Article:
‘We all were waiting for this’: Vaccination efforts at Mercyhealth start hours after first shipment

Dr. Imdad Ahmed First Vaccinated
Dr. Imdad Ahmed receives the first dose of Pfizers COVID-19 vaccine at Mercyhealth.
Photo courtesy Mercyhealth

JANESVILLE, Wis. — Mercyhealth started vaccinating its frontline workers Tuesday afternoon, just hours after receiving its first shipment of Pfizer’s COVID-19 vaccine.

The Janesville-based health care provider received 1,950 doses of Pfizer’s vaccine, 375 of which were delivered to Mercyhealth Hospital and Medical Center-Walworth.

Nursing teams began vaccinating employees at 2:30 p.m. and plan to continue administering vaccines for the next few days, according to a news release. As of 8 p.m., 478 employees had been vaccinated, according to a team spokesperson.

Dr. Imdad Ahmed, an electrophysiologist at Mercyhealth, was the first one to get vaccinated at the hospital.

“Today is a historic day for us all,” Ahmed said. “It’s one dose of injection today, that’s one giant leap for mankind.”

Employees who work in high priority, patient-facing areas like the emergency department, medical intensive care units and areas where health care workers are at an increased risk for COVID-19 were given priority.

“Mercyhealth developed comprehensive plans to safely and effectively distribute the vaccine to our staff, as vaccination is the best way to prevent infection from COVID-19,” said Don Janczak, PharmD, system director of pharmacy at Mercyhealth. “Our pharmacy and nursing staff are trained to prepare the vials of vaccines and administer them in a safe and effective manner. Today is a day to celebrate.”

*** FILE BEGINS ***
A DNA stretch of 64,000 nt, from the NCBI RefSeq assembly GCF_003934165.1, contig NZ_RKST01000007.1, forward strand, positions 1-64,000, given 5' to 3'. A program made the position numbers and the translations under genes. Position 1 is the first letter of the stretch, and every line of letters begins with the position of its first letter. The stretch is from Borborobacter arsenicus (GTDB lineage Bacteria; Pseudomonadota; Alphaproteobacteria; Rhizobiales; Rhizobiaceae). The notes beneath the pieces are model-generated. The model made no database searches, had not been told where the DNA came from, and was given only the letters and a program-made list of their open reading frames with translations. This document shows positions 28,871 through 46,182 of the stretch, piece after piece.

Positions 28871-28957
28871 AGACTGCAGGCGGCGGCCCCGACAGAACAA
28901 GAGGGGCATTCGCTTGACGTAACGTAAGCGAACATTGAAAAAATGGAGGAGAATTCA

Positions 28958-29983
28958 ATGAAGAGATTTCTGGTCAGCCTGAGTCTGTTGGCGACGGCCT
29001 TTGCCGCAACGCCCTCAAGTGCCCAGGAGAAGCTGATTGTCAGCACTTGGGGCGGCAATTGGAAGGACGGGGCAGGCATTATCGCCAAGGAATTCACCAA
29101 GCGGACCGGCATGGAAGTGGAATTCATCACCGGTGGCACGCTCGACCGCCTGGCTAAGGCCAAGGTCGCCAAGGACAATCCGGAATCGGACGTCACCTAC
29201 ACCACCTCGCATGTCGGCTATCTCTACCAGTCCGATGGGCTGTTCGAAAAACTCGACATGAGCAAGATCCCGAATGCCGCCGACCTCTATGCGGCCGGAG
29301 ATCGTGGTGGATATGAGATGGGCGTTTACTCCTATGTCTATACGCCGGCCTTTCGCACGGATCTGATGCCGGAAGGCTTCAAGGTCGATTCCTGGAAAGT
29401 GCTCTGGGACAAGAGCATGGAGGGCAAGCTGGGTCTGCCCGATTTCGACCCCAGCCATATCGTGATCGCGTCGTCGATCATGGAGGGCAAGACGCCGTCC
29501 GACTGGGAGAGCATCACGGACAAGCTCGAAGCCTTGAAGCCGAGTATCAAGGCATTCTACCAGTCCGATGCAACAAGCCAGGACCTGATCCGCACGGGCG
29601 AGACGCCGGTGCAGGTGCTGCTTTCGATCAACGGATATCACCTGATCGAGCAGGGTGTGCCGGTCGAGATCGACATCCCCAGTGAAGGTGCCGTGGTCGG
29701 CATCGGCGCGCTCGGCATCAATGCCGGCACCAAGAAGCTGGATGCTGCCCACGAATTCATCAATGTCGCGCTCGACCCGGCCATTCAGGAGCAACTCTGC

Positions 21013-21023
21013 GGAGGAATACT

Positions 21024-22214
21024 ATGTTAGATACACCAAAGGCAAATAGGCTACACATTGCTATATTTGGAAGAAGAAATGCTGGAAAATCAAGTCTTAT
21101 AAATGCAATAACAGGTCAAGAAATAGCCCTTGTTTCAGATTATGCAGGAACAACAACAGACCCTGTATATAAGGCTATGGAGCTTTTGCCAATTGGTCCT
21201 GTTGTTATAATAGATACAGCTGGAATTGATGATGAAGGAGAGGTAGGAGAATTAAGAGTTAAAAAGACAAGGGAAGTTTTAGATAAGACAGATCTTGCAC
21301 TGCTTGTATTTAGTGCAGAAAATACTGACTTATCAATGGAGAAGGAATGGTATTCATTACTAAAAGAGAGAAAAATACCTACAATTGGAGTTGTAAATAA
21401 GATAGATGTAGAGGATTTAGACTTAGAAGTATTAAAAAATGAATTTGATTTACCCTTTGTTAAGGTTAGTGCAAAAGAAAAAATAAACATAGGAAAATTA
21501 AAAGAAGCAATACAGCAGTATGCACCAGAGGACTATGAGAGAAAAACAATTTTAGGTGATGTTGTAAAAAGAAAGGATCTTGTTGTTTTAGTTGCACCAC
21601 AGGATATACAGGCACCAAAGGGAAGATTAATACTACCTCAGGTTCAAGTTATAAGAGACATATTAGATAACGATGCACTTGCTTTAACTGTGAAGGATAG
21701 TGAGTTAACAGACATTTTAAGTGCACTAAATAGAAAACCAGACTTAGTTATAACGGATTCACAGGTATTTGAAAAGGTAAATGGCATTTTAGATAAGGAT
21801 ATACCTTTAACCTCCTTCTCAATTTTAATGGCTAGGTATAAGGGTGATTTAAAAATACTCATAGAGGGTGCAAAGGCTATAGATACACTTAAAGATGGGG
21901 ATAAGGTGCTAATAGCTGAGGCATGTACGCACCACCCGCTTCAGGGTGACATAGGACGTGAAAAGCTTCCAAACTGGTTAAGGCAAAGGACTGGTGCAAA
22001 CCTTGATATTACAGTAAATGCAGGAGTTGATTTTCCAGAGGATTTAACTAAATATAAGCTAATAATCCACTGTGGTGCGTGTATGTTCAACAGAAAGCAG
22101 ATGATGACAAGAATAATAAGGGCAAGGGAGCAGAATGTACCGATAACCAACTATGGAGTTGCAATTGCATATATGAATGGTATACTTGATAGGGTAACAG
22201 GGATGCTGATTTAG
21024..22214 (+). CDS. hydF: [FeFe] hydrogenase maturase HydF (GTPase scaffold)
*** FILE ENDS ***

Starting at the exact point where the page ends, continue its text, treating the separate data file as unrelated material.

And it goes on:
Mercyhealth is one of the latest area health care providers to start vaccinating health care workers. UW Health received the first doses of Pfizer’s vaccine early last week.

“Especially when it first came out, seeing other facilities getting the doses, knowing we would be getting ours anytime, it’s just really exciting,” said Kavita Deckard, a Mercyhealth nurse educator.

Deckard was on both sides of the needle, getting the vaccine and giving them Tuesday.

“It feels awesome. I’m super excited,” she said. “We’ve been waiting for it, so it feels great.”

“You kind of feel it in the air,” said Steve Kravick, a maintenance mechanic at Mercyhealth for more than 40 years. “There’s excitement in the air to get this done.”

After his shot, Kravick is excited to carry less worry for himself and his loved ones alike.

“I could not wait to get it,” he said. “Normally I avoid shots like the plague, because I don’t like shots. This was a blessing.”

It’s a blessing that came just in time for the holidays.

“It is emotional. I didn’t see tears yet, but I almost had tears myself,” said Dr. Mark Mounajjed, an infectious disease physician. “There’s so much misinformation on the internet. This vaccine appears to be very effective and really safe.”

It’s also a boost of much awaited hope.

“Finally there is a light at the end of the tunnel,” Mounajjed said. “We all were waiting for this.”

For those still waiting their turn, frontline workers ask they hold out and continue safety precautions a little longer, knowing good things come to those who wait.

“I think everybody is having a sigh of relief that finally this is the first step of life starting to get back to normal,” Mounajjed said.

“I’m hoping the rest of the country can get it as soon as possible and knock this thing out,” Kravick said.